The 112th Congress has convened with a new chairman for the Congressional Black Caucus, Rep. Emanuel Cleaver II. Coming to the House of Representatives for his third term from Missouri’s Fifth District, he serves on the Financial Services Committee, Homeland Security Committee and the Speaker’s Select Committee on Energy Independence and Global Warming.
The Congressional Black Caucus was formed in 1971 to help improve the ability of Black elected officials to support their constituencies. It is also “at the forefront of legislative campaigns for human and civil rights for all citizens,” according to the organization’s website.
Shortly after taking the office of chair, Rep. Cleaver answered a few questions for the AFRO.
Q: What are some of the core issues you would like to see the CBC focus on during your term?
Chairman Cleaver: We are going to help the president in his goal of creating jobs. One of the major problems with the last two years is our inability to demonstrate to the American public … that we were pushing for jobs. They didn’t see it. We’ve got to support the president on any plan that he brings forth to create jobs. We will begin this , sending communications to the White House about the need for summer jobs for youth.
Q: What concerns does the CBC have with the outcome of the Census?
CC: We are extremely concerned about the upcoming redistricting as a result of the … Census. We have a number of seats that are voting rights seats, … created in response to the passage of the Voting Rights Bill. there can be no intentionality by a state to redistrict one of these seats in a way that makes it make it impossible for an African American to win.
We have a number of seats that are not voting rights seats. I represent a district, we’re 17 percent Black. We have a district in Minnesota, that Keith Ellison represents, 14 percent . Those are not voting rights seats. We are going to have challenges, trying to make sure that those of us who represent majority districts are still able to represent those districts without being pulled into suburban areas that we can’t possibly win.
In attempt to be ready for the battles ahead, we have already appointed a committee to be co-chaired by Sheila Jackson Lee of Texas who is an attorney and Lacy Clay from St. Louis, Mo., who was the House chair of the Census Oversight Committee. Their work presented to them. We are on top of it. We intend to fight for 42 seats to be here when the next Congress .
Q: In recent months, the Congressional Black Caucus (CBC) has come out against President Barack Obama’s position on several issues. Is this an indication of a trend or a continuation of earlier attempts to get this administration to include the CBC at the table or in an advisory role?
Chairman Cleaver: We have come out in opposition to several of the initiatives of President Obama. We will never come out against President Obama.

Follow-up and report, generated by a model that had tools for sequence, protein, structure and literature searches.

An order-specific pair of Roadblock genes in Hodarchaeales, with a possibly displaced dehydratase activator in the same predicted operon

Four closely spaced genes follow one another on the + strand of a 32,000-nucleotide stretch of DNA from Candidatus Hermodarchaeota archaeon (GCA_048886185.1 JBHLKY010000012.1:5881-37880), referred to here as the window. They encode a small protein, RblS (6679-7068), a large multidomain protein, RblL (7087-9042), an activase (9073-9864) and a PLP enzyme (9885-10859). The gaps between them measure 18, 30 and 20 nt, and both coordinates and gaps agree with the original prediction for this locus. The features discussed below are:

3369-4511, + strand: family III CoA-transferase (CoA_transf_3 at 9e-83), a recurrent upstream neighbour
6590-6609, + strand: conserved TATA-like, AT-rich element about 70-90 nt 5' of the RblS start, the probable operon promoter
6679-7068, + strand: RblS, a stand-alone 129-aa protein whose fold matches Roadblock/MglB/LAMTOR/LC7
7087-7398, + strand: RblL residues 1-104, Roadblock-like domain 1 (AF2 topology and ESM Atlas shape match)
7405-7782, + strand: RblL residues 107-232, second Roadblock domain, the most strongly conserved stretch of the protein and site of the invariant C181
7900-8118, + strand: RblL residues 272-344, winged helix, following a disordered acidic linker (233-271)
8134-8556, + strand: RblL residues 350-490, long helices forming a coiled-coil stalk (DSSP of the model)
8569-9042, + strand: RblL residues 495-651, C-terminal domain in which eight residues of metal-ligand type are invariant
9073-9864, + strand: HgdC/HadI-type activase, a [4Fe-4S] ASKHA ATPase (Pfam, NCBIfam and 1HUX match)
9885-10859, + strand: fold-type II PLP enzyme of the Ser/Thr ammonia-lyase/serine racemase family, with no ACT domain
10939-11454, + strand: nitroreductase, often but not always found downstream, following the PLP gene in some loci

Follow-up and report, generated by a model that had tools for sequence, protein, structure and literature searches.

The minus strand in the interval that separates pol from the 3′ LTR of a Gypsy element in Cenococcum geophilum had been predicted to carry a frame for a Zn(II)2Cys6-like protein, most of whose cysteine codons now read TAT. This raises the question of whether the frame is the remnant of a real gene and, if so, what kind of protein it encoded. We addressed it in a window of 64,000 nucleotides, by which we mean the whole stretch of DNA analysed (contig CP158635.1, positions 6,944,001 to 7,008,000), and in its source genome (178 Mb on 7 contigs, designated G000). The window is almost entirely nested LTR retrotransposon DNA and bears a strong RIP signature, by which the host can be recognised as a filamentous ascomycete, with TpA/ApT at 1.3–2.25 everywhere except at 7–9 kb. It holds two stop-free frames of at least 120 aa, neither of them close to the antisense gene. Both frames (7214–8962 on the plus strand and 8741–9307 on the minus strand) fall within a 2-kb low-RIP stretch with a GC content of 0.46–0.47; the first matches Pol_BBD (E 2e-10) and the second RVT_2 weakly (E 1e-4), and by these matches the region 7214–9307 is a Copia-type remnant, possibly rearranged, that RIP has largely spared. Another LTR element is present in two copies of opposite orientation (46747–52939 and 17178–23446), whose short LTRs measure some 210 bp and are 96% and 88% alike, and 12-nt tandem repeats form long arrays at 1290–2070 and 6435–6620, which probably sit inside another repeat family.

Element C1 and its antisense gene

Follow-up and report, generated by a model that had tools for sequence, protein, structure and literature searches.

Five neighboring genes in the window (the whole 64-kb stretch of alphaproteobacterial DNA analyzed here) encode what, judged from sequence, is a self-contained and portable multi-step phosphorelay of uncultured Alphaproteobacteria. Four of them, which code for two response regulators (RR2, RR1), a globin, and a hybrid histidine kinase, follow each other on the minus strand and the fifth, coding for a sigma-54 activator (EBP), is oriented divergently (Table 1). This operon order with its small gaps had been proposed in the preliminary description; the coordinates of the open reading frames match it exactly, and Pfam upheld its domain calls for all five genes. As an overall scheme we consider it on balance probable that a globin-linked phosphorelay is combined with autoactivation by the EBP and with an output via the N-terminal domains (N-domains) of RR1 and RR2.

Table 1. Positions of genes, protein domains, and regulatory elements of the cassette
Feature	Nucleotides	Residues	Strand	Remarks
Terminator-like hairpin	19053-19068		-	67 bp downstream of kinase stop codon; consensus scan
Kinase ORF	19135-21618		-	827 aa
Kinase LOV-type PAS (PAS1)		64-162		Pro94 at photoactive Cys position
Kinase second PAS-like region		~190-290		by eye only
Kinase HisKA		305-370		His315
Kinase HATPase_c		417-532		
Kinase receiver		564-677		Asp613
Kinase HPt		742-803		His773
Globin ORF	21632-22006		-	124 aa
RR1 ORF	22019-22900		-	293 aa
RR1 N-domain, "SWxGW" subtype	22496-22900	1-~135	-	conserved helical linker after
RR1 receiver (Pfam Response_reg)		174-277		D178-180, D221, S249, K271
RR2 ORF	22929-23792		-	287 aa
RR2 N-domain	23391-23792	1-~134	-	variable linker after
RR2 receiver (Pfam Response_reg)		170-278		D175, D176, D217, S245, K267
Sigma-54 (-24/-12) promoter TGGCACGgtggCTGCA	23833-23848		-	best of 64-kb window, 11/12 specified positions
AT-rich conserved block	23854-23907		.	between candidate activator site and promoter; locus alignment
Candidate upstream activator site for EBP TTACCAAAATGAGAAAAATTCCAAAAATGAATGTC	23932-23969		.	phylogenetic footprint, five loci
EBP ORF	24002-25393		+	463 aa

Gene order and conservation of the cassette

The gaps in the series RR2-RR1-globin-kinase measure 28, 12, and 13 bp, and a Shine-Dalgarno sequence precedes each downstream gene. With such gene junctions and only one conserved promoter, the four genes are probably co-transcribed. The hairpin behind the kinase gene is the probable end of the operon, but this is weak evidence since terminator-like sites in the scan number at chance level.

We believe that it is important for us to help him build a successful administration by bumping against him on policies that we think will in the long run be detrimental to our constituency. But, it is also important that we convey to Black readers, especially, that the CBC has never gone through a two-year period or a four-year period with any administration … where there were not disagreements.
We think that we would do this administration a great injustice if we failed to speak out on matters that we strongly support or oppose. But there will be no plans to out President Obama. We will not attack him. And our plan, of course, is when we have a disagreement, we hope to be able to discuss those with him early on when issues surface, as opposed to when they are reaching the floor, which is what happened with the tax bill. I think we have expressed that to the president. He is saying yes, we want to deal with those issues early on. There won’t be a lot of public acrimony oozing out from the CBC.
I think it is also important to say: it’s okay if African Americans disagree with African Americans. If we do not disagree with each other, we don’t help each other develop the strongest positions possible. It is only when I meet with resistance that I am forced to further develop my policies and to have a much deeper root to why we’re doing it.
That’s why we have a CBC as opposed to a congressional Black person. Because when we have the Caucus, we have 42 brains, and some very sharp ones at that, to help give the person who’s out front a solid foundation as he or she deals with issues.
Q: You mentioned the tax cuts, and that the CBC had some differences with the President on that. Could you elaborate?
CC: The majority of us voted against it. We didn’t vote against the President. We understand that he was pushed into this situation in an attempt to make sure that individuals who were unemployed could receive unemployment benefits. … We had difficulty trying to justify doing something for two years for the wealthiest people in the country, and then at the same time slapping people who are unemployed, through no fault of their own, with unemployment benefits for only a year.
And incidentally, these are not people who are loafing, trying to live off the dole and that kind of thing. These are firefighters and teachers and laborers; people who worked in factories that closed. These are people who live next door. Think about the fact that tens of thousands of people have been laid off in state government all around the country. So we are saying we are not as concerned about you folks as we are about 2 percent of the richest people in the country?
We didn’t have unanimity of vote; we had unanimity of thought that this is not the healthiest thing we could have done.